By Jay Jordan Hawke
Originally published on Advocate.com April 29 2013 3:28 AM ET
When I was thrown out of Scouting back in the 1990s simply for being gay, I had to confront the worst imaginable hatred from an organization purporting its highest ideals to be "friendly, courteous, and kind." What sin had I committed? I spoke out against the Scout Executive for my council for using homophobic fear-mongering to solicit donations for the BSA. After informing him that I was gay, I received a letter from him stating that the BSA could not take a chance that gays would use their position of authority to take advantage of children. He didn't use the "p" word, but the implication was clear. Gays can't be trusted around children. I was an abomination. I felt humiliated, devastated, and completely alone.
Coming out of the closet in the 1990s was hard enough without having the BSA contribute to that suffering. I needed support. Instead, an organization in which I grew up, one that touted itself as "a friend to all," told me to get lost.
Fortunately, even back then there were voices out there challenging the BSA's version of "family values." Twelve-year-old, Steven Cozza, barely remembered today, made national attention with his heroic attempt through his Eagle project to get the BSA to change its bigoted policies. Yet for every Steven Cozza, there was also a Russell Henderson, the Eagle Scout, who helped pistol-whip Matthew Shepard to death.
But things are changing fast. These days, as boys and leaders get tossed out of the BSA left and right for being gay, instead of being forgotten or dismissed as an abomination, they are making headlines in a very sympathetic mainstream media.
The BSA has nevertheless stood firm on their right to kick out homosexuals for being morally polluted. It was only after one major corporation after another decided they don't want to do business with bigots that the BSA suddenly seems to have gotten it. UPS, Intel, Merck, United Way, all have all pulled funding for the BSA. The BSA has become the abomination. Forced by changing societal norms and most importantly money, the BSA will now decide in May what do with their national ban on gays.
The proposed resolution would allow gay youth to participate, but then toss them out as an abomination only after they turn 18. I guess for the BSA that's progress. But for a nation that is quickly moving forward on this issue, it seems petty and cruel. Most importantly, it undermines the very ideals for which Scouting claims to stand.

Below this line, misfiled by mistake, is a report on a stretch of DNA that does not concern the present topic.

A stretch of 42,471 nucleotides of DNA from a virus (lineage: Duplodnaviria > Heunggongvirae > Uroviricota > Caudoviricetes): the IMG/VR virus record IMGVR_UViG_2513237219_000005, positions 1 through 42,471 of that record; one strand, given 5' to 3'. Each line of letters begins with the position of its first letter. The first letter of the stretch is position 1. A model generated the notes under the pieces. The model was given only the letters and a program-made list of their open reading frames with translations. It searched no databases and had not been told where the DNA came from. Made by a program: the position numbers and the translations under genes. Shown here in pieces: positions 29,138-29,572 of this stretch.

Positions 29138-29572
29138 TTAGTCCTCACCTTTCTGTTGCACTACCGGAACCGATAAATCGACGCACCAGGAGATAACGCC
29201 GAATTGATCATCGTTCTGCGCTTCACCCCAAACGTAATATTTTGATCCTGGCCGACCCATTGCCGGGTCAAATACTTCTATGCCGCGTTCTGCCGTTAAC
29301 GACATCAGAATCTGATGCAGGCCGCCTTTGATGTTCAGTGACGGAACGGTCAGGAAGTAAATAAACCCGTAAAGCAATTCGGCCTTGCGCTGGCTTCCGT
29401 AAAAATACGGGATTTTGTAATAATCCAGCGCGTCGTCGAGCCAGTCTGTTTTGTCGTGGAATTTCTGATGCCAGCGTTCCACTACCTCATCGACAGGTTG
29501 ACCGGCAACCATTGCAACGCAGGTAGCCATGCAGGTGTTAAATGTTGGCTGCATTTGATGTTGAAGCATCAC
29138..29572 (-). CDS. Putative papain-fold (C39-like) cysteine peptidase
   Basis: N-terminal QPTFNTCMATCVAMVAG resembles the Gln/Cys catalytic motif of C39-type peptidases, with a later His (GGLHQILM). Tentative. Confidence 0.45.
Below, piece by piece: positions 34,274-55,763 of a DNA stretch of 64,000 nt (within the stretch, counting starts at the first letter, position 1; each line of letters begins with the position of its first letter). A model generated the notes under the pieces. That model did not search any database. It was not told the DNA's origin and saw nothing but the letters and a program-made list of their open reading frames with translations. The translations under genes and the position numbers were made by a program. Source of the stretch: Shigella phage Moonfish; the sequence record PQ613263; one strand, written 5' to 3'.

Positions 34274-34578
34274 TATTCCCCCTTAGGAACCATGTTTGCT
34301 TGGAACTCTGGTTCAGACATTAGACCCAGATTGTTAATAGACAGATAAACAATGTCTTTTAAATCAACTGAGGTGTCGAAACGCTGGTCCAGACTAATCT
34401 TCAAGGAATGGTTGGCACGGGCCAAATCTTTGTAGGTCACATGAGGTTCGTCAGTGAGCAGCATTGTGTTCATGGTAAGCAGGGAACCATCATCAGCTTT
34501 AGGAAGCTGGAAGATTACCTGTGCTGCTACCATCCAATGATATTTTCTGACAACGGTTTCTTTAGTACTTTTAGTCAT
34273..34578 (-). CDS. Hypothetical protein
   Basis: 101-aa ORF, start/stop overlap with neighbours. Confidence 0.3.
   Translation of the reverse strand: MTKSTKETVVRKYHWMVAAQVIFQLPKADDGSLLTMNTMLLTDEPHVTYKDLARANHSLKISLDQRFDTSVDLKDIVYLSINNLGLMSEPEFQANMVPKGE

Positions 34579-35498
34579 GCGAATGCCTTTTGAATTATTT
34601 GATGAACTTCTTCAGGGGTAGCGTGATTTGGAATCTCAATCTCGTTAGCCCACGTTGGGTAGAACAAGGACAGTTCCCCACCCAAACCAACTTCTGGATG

The BSA uses the "morally straight" clause of the Scout Oath as the basis for their proposed anti-gay leader policy. Under BSA logic, simply being a gay adult is immoral. One is not thrown out for perceived immoral actions; one is thrown out for being gay. You can be completely celibate, and still, the proposed policy classifies you as morally unfit. Why gay youth will now be classified as morally straight and not gay adults is a bit of a quandary. But one can't help but notice that it reveals the true motivation for the BSA's anti-gay policy all along - i.e, "The gay" = "child predator."
One may disagree with the BSA's view of "morally straight," but the BSA will always respond that it is there right to stick to traditional values. While this may be legally true, it is in fact false that the BSA teaches traditional morality. In fact, the BSA allows any religious denomination to join their ranks. The number is so vast that it's impossible to derive a common notion of "traditional morality" that the BSA allegedly teaches. Jews, Muslims, Unitarians, Catholics, Buddhists, Hindus, Pagans, etc., all are welcome in Scouting. Imagine what a mess it would be if any one of those groups insisted that their version of traditional morality be followed by all Scouts.
Should the BSA, for example, ban vegetarian adults, to comply with the religious beliefs of Buddhist Scouts? Should the BSA deny adult leaders who are not kosher, so as not to offend Jewish Scouts? Catholics think masturbation is immoral. Any chance the BSA will ban kids who engage in that? I think it's fair to say that society has evolved on that issue.
The diversity of moral beliefs already within Scouting could certainly accommodate one more—namely, that gay adults are not an abomination. Society has learned this. Many religious denominations have learned this. The president of the United States has even evolved to include this view. Now we're just waiting on the Bigot Scouts of America to do the right thing and ban anti-gay discrimination completely. In the end, that's the only morally straight solution.
JAY JORDAN HAWKE is a former Eagle Scout and author of the gay teen novel, A Scout is Brave.